Robert Williams Wood (born 1868) studied at Harvard University followed by graduate studies at Johns Hopkins and the University of Chicago, until receiving his next degree from the University of Berlin where he studied physics.
His first teaching position was at the University of Wisconsin from 1987-1901. As a result of his success there, he was offered the position of Professor of Experimental Physics at Johns Hopkins after the death of Henry Rowland. He remained in this position until 1938 when he was named Research Professor of Physics.
Wood’s best known contributions were the line and continuous absorption of sodium vapor, fluorescence phenomena, particularly the discovery of the resonance radiation of gases and vapors and the influence of foreign gases and magnetic fields on such phenomena. He also contributed to the development of x-rays, photography, meteorology, archeology, explosives, and acoustics.
His greatest contribution to physics, however, was his perfection of the art of ruling diffraction gratings. The improvements he made to Rowland’s original machine made the continuous flow of gratings from his lab possible and made it the only source for these parts of the spectrograph. Wood invented the echelette grating, experimented with replica gratings, and modifying the sizes of gratings that were possible.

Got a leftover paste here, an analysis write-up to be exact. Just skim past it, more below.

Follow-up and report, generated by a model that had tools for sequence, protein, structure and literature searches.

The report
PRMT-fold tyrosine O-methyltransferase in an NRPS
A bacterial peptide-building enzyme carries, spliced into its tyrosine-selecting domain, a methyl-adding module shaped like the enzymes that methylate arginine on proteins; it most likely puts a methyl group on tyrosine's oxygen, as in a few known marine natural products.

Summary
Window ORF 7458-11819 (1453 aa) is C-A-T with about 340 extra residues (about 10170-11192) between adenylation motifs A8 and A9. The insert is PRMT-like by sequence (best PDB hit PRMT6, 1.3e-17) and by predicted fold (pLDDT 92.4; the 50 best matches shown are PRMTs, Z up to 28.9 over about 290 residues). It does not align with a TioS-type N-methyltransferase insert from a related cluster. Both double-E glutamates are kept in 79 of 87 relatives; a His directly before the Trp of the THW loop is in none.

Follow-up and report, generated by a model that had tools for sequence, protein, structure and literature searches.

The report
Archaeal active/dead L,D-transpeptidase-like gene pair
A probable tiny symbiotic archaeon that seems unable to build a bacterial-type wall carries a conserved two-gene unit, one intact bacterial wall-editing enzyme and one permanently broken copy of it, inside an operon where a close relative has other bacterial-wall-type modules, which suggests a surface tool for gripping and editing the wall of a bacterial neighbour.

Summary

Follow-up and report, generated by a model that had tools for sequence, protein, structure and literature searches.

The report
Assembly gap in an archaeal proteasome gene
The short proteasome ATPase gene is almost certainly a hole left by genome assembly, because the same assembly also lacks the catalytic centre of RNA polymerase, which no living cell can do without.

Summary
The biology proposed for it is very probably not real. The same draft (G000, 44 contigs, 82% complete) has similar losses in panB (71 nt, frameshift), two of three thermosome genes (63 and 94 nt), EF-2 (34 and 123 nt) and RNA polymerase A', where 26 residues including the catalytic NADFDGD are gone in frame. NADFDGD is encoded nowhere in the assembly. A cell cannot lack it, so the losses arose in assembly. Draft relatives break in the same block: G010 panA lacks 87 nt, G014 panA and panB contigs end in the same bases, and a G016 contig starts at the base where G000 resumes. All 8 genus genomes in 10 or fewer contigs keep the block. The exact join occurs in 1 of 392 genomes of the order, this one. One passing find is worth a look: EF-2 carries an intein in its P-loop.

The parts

Wood wrote Physical Optics in 1905, which included some of Wood’s personal experiment logs, thus setting the book apart from anything else available. The book was met with such success that he was working on a fourth edition at the time of his death.
Wood was in high demand for his practical inventions as well, and became known as a “scientific detective.”
Wood held honorary degrees from Clark University, U.S., Oxford University, U.K, University of Birmingham U.K., the University of Edinburgh, U.K. University of Berlin, Germany, and Johns Hopkins University, U.S. He was an honorary member of the Royal Society, the Accademia dei Lincei, the Leningrad Academy, and the Royal Swedish Academy, among many others. Wood received the Rumford Medal of the Royal Society and the Frederic Ives Medal. He was elected an Honorary Member of OSA in 1944.
Wood died on 11 August 1955.
Document Created: 26 Jul 2023
Last Updated: 28 Aug 2023